Self-service technologies (SSTs) are increasingly changing the way customers interact with firms to create service outcomes. Given that the emphasis in the academic literature has focused almost exclusively on the interpersonal dynamics of service encounters, there is much to be learned about customer interactions with technology-based self-service delivery options. In this research, the authors describe the results of a critical incident study based on more than 800 incidents involving SSTs solicited from customers through a Web-based survey. The authors categorize these incidents to discern the sources of satisfaction and dissatisfaction with SSTs. The authors present a discussion of the resulting critical incident categories and their relationship to customer attributions, complaining behavior, word of mouth, and repeat purchase intentions, which is followed by implications for managers and researchers.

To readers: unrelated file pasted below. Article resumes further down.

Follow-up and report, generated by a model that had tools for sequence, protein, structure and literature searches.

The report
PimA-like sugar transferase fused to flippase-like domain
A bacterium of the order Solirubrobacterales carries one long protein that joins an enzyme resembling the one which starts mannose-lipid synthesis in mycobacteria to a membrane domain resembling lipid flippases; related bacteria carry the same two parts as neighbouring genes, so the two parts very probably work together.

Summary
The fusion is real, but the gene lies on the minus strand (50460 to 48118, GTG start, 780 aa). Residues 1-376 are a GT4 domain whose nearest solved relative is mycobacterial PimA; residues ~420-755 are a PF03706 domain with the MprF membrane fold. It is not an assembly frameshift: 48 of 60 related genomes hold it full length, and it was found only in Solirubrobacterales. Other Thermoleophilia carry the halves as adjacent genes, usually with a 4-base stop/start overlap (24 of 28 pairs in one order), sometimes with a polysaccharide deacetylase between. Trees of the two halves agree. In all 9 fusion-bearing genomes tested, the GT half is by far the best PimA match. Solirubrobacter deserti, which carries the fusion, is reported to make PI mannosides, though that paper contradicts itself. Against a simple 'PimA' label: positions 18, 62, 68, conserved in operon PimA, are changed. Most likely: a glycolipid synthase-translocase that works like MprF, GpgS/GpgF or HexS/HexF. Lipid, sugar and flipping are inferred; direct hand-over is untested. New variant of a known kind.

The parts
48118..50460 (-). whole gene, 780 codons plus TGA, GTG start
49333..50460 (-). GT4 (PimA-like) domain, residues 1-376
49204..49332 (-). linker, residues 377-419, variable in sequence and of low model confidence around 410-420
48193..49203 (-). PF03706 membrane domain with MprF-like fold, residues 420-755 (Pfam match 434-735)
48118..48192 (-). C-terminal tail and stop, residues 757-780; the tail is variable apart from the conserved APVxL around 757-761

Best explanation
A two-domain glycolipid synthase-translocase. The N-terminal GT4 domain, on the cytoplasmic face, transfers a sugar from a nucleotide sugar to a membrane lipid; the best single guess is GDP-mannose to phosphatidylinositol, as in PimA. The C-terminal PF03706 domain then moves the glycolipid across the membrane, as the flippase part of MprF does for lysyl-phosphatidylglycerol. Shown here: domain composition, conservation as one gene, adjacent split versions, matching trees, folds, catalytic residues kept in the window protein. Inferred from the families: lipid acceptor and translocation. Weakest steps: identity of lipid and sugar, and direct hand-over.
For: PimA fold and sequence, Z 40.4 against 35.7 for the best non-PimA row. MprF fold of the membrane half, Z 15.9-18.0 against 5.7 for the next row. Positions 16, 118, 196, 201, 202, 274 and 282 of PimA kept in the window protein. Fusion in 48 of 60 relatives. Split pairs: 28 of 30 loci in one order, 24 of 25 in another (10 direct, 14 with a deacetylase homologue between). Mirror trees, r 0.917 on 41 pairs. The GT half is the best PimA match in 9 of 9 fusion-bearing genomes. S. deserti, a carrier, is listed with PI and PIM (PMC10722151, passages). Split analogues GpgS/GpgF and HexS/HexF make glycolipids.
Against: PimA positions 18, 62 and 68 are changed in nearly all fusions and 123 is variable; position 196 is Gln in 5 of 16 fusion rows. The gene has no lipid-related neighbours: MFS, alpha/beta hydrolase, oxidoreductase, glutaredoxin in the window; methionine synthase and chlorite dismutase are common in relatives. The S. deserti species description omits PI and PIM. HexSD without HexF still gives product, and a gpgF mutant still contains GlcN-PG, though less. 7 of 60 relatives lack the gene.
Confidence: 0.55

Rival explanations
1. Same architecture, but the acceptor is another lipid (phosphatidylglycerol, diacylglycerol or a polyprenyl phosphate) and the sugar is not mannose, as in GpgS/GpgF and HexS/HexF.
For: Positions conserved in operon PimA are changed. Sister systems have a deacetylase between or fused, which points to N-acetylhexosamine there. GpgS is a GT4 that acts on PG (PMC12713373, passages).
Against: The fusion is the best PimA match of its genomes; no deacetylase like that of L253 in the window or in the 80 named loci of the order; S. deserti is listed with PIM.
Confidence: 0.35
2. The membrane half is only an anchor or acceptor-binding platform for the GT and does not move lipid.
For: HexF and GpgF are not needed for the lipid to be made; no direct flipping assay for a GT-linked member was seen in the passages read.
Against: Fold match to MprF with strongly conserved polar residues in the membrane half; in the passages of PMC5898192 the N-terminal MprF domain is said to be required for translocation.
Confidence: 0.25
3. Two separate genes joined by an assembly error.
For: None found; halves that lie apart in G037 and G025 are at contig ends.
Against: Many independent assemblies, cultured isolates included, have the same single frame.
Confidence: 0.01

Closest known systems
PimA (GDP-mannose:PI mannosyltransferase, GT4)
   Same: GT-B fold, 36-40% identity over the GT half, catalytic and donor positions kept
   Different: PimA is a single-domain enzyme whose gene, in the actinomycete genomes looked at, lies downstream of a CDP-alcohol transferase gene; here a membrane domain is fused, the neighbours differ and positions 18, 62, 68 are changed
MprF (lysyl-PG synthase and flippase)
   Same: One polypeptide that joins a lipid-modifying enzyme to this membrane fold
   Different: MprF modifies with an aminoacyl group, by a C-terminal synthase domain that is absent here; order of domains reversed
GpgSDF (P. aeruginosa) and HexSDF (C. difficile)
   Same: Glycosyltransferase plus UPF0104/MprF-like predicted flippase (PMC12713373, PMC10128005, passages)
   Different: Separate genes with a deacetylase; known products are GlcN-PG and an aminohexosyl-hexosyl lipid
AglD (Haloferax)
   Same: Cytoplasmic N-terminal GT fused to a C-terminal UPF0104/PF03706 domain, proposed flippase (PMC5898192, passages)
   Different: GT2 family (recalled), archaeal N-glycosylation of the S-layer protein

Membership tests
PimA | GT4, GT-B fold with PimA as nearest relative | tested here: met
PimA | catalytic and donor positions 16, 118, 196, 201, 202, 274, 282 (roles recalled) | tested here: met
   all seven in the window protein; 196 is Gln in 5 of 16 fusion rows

ASJC Scopus subject areas
- Business and International Management